A Miracle for Emmanuel
Leocadie cried when her baby was born, and the tears didn’t stop for the next three months as the tumor grew. Leocadie also dealt with glaucoma, meaning her vision was severely impaired while she was trying to care of her new baby. It was difficult to know how to hold him with the tumor, and others had to guide him into her arms. Without money to afford surgery, she was overcome with paralyzing fear for her son’s future.
“I was so sad. I thought he would die. I couldn’t stop crying,” said Leocadie. And if he did survive, she was left with an unrelenting barrage of questions about what his life might look like. “Will he work? Will he go to school? Will he have friends? Maybe he’ll need to only stay in the house and be a recluse,” she thought.
But she still had hope that one day, with God’s help, her baby boy could live a normal life — free from the weight of the tumor. She and Edwige decided to name their son Emmanuel, meaning ‘God with us.’
“Since he was born like this, we knew his life would come with a lot of troubles. We said, ‘Let your name be Emmanuel so God will be with you,’” said Leocadie. “His name is a testimony, because if God was not with us, he would surely have died, or I would have died carrying him.”
Before long, their hopes and prayers for Emmanuel seemed to come true. Edwige was working for a company that partners with Mercy Ships to help with the vessels’ shipping container needs. Edwige’s boss told him about the free surgeries available on board the Africa Mercy.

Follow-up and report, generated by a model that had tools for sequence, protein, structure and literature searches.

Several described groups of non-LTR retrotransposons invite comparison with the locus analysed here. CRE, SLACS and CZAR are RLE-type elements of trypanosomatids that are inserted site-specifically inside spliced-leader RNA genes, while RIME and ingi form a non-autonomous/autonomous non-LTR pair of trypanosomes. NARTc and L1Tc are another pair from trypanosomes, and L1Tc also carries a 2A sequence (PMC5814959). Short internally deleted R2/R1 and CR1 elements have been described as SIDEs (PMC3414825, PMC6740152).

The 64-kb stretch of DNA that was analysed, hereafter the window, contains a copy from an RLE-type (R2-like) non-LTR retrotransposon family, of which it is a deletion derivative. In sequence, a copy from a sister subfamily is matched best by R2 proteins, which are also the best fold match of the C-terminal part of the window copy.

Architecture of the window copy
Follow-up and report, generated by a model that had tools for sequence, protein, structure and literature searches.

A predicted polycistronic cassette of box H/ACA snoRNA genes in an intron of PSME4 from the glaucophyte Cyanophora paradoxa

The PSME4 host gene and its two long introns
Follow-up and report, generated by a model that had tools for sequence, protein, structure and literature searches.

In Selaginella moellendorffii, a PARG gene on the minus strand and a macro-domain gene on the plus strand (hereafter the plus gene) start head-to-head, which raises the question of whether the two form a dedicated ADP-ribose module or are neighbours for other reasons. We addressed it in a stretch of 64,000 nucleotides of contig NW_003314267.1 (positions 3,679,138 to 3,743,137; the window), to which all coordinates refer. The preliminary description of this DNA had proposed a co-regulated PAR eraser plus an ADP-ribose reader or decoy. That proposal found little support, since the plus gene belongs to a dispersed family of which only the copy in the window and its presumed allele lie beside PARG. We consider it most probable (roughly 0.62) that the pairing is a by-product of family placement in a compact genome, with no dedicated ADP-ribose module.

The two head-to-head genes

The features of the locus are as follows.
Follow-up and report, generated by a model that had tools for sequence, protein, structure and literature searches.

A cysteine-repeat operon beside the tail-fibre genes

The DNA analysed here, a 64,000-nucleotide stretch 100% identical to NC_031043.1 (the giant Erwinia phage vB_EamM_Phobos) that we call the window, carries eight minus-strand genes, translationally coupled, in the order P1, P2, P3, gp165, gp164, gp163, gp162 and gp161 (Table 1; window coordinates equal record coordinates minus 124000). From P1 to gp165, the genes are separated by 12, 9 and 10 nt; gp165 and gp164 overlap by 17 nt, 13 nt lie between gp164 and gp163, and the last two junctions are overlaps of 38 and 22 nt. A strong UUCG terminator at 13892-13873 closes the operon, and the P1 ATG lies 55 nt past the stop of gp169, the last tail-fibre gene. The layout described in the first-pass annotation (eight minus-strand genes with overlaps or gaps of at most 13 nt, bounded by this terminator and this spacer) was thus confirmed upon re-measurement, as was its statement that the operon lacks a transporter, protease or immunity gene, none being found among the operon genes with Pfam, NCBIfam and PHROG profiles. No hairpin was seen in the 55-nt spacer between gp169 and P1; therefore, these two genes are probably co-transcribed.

Hopeful for Emmanuel’s chance to receive surgery, they brought their baby to the ship and found the timing was nothing short of a miracle. Emmanuel had to be three months old to receive surgery to remove the teratoma, and he had just turned three months old the very day he was screened.
The volunteer surgeon who specializes in cases like Emmanuel’s, Dr. Sherif Emil, happened to be on the Africa Mercy at just the right time as well.
“‘Teratoma’ in Greek means monster,” said Dr. Emil. “The irony of these tumors is that over 90 percent are benign, but when they’re not treated, they (have the potential) to kill the child.”
Bringing Emmanuel to the ship was an enormous step of courage for Leocadie. She was entrusting foreign doctors with her baby, and without her eyesight, she had to have faith in what she could not see. Her older sister served as her eyes, accompanying Leocadie to every appointment and staying with them on board while Edwige worked.
The surgical process to remove Emmanuel’s tumor took over 8 hours, but the result was a resounding success. “His outcome was just a testament to survival, resilience, and blessing,” said Dr. Emil.
The teratoma tumor weighed 2.6 kilograms — roughly a third of Emmanuel’s entire body weight when he had the surgery.
After surgery, Leocadie reached out to hold Emmanuel. She could not see the change herself, but she immediately felt it. “I was speechless. I didn’t know what to say. He was so much lighter. I could feel the difference,” Leocadie said. “Before, I couldn’t see him but I could touch him with my hands and feel his condition, but now, it’s no longer enormous. His diapers fit him now where they never could before.”
Emmanuel has only grown stronger and happier since his surgery, and the difference in his family is also tangible. They smile more easily now, the weight of worry released from their shoulders.
Now Leocadie knows that her son — her “gift from God,” as she calls him — will grow up with a brighter future than she thought possible before the surgery.
“He’s really living up to his name. Since we got to Mercy Ships, everything has gone so smoothly,” smiled Leocadie on Emmanuel’s final day on board. “God has truly been with us!”